How to make your passion profitable when everyone’s doing it
Do you consider yourself a “hustler”?
With ambition beyond the constraints of the traditional workforce, a hustler is someone who consistently does what it takes to keep their bank accounts plump, their skills sharp, and their dreams moving forward.
If the “hustle” is the ambition itself, then the “side-hustle” is a 21st-century derivative, wherein quitting one’s day job is not quite an option, so the hustler allocates additional hours to a separate vocation. A side-hustle can be anything from freelance or contract work to a creative project or part-time passion.
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The side-hustle goes live
TSheets surveyed 2,000 people across the country about their career plans for 2018. And the study found 1 in 5 plans to supplement their income with a side-hustle this year. Meanwhile, 4.5 million people will quit their jobs to focus on their side-hustle full time. That’s roughly 3 percent of the workforce.
If you’re one of the millions of people who plans on hustling into the world of self-employment and the gig economy this year, it’s important to know how to get the most out of every minute you spend working. Here are a few tools you can use to track how you’re doing, so when you assess your work this time next year, you can set bigger goals and achieve more.
Three must-haves to help you turn your side-hustle into your full-time job
As you start making the dream of self-employment a reality, tracking your progress will be essential to keeping momentum. The type of data you collect will depend heavily on your line of work. If you’re starting an online apparel shop, for example, tracking inventory and expenses will be vital, whereas if you’re a freelance writer, you’ll want to track your time, your projects, and your tasks.
Some data will be required for taxes anyway, so don’t procrastinate. Make a list of everything you need to keep track of and find solutions that will scale with you — like accounting software, for one — so, a year from now, you can look back on data and view your progress.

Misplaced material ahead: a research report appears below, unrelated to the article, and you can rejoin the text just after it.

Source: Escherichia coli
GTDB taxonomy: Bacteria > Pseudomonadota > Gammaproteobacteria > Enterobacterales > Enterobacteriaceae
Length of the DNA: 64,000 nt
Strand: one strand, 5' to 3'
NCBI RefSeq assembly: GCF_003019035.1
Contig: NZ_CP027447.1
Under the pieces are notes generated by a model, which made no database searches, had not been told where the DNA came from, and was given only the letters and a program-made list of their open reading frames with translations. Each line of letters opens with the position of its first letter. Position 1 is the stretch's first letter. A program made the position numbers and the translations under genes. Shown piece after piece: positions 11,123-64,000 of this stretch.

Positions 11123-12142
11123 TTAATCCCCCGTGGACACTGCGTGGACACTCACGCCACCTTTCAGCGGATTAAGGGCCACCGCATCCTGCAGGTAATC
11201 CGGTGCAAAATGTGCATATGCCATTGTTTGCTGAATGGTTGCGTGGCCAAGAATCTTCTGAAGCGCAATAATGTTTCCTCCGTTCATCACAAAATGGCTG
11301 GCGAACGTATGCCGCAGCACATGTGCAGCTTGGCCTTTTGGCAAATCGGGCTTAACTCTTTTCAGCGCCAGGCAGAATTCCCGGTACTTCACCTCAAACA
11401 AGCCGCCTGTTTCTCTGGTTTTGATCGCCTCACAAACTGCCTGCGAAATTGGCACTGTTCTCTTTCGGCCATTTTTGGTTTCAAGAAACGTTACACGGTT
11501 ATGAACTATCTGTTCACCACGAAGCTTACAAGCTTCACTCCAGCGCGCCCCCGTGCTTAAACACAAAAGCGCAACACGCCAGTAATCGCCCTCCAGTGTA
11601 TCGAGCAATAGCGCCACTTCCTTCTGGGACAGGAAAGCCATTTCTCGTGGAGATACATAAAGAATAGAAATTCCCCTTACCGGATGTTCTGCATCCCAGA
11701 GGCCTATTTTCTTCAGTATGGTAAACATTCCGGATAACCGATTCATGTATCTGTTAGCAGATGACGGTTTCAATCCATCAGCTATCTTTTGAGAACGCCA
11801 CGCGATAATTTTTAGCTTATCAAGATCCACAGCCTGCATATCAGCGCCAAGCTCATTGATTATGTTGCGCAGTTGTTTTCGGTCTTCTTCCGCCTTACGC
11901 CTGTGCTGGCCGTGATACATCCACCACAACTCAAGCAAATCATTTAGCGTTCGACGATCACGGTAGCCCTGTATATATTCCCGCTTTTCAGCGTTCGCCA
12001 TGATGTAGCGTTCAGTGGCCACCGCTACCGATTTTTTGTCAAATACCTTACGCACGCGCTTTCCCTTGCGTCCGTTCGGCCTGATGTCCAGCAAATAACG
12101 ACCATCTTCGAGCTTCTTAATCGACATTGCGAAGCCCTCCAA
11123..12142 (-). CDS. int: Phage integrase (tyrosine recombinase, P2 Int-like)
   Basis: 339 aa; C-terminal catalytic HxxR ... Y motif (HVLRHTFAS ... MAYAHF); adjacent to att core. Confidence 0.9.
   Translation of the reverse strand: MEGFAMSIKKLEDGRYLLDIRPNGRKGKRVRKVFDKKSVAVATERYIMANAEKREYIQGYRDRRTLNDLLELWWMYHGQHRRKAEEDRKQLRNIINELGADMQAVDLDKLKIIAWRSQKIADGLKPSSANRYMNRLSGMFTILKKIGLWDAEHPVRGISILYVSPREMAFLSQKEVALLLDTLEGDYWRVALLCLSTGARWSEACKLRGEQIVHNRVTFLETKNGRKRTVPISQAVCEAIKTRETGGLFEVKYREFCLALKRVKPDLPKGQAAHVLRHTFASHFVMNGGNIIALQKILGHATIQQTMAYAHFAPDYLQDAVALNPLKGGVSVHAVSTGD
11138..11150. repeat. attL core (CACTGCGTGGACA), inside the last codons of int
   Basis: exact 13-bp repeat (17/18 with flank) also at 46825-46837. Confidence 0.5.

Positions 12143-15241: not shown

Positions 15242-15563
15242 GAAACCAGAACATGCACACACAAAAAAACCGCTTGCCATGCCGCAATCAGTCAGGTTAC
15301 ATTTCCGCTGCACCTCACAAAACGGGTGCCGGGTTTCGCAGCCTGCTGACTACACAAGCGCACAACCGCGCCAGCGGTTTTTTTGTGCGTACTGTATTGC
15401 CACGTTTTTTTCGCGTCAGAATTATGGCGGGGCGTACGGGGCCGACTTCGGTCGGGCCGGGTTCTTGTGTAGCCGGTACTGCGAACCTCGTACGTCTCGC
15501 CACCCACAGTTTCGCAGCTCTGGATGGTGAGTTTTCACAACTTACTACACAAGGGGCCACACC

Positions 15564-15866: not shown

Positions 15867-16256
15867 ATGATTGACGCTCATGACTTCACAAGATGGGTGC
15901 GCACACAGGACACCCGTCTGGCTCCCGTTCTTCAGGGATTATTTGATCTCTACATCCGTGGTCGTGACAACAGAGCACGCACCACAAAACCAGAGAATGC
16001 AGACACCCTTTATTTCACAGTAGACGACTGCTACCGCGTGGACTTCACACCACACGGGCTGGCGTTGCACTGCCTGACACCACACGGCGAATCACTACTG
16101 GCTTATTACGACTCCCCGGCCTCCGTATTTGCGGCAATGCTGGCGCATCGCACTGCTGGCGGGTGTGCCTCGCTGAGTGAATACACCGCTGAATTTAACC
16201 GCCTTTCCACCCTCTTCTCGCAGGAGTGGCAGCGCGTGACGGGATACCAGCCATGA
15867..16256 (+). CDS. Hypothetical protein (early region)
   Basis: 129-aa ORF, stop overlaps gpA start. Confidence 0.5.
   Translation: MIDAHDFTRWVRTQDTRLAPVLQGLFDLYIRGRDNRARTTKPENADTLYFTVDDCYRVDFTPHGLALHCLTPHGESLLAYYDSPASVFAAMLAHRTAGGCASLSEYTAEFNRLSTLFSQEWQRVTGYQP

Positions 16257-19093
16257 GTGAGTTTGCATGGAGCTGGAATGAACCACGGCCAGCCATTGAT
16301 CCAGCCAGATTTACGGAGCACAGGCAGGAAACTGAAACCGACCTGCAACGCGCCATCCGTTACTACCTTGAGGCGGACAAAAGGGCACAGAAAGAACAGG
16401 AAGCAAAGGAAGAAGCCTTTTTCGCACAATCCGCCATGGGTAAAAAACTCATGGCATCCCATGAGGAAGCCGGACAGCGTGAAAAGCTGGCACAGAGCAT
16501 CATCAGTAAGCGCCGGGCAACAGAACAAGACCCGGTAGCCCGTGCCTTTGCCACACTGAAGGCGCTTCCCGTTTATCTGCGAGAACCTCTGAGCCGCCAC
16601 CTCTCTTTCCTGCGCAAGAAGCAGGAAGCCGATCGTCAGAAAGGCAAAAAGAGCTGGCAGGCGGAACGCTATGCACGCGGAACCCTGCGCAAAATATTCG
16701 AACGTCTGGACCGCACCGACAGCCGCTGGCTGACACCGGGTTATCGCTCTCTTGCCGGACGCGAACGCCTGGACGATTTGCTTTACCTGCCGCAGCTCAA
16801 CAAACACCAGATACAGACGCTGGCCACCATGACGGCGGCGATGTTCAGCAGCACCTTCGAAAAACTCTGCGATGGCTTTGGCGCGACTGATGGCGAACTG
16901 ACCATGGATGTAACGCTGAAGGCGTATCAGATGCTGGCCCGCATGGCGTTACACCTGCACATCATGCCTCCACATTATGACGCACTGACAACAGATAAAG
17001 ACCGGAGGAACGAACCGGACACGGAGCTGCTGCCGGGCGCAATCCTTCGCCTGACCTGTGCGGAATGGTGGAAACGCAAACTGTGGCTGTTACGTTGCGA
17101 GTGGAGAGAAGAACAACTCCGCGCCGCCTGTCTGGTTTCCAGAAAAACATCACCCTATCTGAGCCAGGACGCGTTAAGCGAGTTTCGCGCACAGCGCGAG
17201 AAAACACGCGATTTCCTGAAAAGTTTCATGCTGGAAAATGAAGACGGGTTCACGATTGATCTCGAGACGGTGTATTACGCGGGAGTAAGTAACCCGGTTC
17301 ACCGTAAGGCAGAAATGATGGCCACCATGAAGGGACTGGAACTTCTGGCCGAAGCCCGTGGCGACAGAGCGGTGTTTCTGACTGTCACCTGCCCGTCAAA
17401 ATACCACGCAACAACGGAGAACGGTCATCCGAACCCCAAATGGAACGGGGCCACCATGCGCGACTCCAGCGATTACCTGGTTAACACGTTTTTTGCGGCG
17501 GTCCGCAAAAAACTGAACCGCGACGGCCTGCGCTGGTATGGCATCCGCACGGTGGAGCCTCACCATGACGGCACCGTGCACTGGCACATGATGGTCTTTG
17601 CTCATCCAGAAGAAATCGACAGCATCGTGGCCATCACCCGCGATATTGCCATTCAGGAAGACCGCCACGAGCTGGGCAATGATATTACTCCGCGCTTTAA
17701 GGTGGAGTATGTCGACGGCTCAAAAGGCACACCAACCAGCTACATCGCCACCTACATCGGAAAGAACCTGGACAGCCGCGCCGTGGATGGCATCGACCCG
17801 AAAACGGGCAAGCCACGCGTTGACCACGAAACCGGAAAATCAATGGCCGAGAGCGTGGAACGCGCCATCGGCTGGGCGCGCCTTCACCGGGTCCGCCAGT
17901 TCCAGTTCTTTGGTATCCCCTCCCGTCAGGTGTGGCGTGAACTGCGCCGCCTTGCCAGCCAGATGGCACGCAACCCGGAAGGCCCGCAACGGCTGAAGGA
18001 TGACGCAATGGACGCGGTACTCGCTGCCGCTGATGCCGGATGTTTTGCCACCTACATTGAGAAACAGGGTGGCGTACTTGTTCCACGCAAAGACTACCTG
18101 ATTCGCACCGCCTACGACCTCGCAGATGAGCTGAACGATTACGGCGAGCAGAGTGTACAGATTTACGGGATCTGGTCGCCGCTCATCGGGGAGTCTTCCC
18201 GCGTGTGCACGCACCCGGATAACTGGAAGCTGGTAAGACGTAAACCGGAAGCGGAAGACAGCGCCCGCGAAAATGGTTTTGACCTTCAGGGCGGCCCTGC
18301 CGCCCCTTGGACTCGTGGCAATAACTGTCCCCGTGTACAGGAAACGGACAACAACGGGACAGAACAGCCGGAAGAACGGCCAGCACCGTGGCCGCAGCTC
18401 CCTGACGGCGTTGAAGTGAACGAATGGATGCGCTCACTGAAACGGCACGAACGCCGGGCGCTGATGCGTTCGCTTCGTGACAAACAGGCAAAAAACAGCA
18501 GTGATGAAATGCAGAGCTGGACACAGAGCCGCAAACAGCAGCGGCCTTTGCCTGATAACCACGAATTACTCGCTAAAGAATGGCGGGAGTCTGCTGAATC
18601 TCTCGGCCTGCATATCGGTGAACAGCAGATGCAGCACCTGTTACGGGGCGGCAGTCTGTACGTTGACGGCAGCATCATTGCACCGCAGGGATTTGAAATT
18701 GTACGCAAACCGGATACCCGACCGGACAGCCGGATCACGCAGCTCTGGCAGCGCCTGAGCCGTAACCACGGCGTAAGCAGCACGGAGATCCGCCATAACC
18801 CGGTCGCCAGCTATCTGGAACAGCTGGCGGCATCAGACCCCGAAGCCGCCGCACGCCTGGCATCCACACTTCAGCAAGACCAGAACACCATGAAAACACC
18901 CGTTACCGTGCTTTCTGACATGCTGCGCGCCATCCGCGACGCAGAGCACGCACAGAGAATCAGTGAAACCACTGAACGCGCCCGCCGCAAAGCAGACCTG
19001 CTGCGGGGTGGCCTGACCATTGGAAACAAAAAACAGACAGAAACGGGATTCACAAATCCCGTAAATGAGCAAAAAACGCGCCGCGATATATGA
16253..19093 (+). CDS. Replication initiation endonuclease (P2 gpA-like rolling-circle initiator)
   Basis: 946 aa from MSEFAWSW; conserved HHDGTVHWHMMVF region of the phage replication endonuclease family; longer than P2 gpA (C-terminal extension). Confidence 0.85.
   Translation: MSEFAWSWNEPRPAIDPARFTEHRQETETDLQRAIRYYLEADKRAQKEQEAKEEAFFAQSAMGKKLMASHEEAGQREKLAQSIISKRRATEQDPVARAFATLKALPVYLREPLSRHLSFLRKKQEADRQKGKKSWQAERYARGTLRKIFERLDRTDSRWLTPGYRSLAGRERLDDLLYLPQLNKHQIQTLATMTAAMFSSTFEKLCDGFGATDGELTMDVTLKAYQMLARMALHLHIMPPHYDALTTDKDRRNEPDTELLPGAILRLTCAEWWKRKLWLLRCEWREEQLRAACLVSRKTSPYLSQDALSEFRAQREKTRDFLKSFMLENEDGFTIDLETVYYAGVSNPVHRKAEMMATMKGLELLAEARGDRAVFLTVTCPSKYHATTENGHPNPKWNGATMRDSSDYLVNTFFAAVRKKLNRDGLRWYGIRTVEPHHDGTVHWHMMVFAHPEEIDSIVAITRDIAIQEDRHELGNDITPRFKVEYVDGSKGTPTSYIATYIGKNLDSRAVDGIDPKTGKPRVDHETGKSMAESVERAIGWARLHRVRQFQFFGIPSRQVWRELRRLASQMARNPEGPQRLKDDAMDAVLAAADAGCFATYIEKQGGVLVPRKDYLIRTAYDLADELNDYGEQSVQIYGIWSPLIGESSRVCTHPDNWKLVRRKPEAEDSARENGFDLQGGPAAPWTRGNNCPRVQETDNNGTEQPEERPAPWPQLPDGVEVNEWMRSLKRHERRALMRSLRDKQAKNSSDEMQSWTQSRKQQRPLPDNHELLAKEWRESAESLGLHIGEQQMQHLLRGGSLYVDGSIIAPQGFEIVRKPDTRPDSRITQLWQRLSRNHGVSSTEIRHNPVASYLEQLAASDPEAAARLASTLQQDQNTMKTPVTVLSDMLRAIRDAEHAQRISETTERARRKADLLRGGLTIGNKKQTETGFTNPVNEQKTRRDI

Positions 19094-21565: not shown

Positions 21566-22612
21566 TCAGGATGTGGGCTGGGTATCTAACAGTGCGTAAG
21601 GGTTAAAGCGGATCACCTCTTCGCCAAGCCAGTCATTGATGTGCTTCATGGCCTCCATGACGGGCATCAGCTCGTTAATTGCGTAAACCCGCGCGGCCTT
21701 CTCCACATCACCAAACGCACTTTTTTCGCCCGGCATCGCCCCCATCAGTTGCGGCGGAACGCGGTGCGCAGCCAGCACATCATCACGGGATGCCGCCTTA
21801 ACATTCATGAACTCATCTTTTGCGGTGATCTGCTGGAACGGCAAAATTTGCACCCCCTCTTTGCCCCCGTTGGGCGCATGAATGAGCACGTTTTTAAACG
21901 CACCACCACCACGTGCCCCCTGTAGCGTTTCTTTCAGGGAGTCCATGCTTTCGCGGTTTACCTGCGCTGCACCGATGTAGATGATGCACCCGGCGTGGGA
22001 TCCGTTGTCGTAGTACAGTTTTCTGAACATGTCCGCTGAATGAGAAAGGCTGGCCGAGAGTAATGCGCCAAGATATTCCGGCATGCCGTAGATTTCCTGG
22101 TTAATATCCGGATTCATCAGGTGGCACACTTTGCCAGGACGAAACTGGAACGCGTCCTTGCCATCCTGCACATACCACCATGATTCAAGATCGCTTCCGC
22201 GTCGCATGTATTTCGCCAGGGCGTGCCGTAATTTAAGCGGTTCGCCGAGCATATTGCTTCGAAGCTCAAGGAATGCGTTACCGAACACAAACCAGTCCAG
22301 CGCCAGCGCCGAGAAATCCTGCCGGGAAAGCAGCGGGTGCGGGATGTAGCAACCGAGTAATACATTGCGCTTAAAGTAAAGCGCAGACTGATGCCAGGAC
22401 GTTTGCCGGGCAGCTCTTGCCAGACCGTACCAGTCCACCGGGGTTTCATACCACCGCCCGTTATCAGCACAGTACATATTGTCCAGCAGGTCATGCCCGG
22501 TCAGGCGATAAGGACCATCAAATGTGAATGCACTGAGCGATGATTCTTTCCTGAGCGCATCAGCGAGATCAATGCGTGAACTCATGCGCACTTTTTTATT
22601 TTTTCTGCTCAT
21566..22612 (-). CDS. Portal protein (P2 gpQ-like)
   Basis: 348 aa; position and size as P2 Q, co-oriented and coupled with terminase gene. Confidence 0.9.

As tempting as it may be to stay home full-time during the week and hunker down through the weekend, it’s important to attend relative community events and build a rapport with people in or associated with your industry. Meet and stay connected with experts with whom you can exchange pointers and favors. And having an experienced CPA or tax attorney on your list of contacts can save you time and money down the road, as your business grows.
If your side-hustle started online, you may already have marketing built into your business model. If you’re not on social media, or if your social media presence could use some work, spend an hour or so each day building your following by posting relevant blog content, engaging your audience on Twitter and Facebook, and sharing your story. Start building an email list, and reach out to your customers and leads with useful information. Once you’ve gained some recognition, think about creative ways to make your customers or clients feel special and appreciated.
Is this the year?
If 2018 the year you’ll make the switch to self-employment, good for you!
Side-hustling is hard work. But the trend shows no signs of stopping. There are plenty of explanations for the popularity of side-hustles. In an increasingly connected world, people are drawn to the freedom of working from home or on their own time, the prospect of building a remote team in the cloud, or the dream of making that so-called “gig” a full-time job.
People strapped with student loan debt or other outstanding expenses use the extra income simply to make ends meet, while others are dipping their toes into a new field. Just a quick look at Etsy will show you those with a passion are finding ways to make it more profitable.
Whatever gig you’re working on this year, don’t take it full-time without the tools and resources you need to be successful. With data, experts in your field, and a marketing plan, you’ll be in a much better position to move forward with your plans.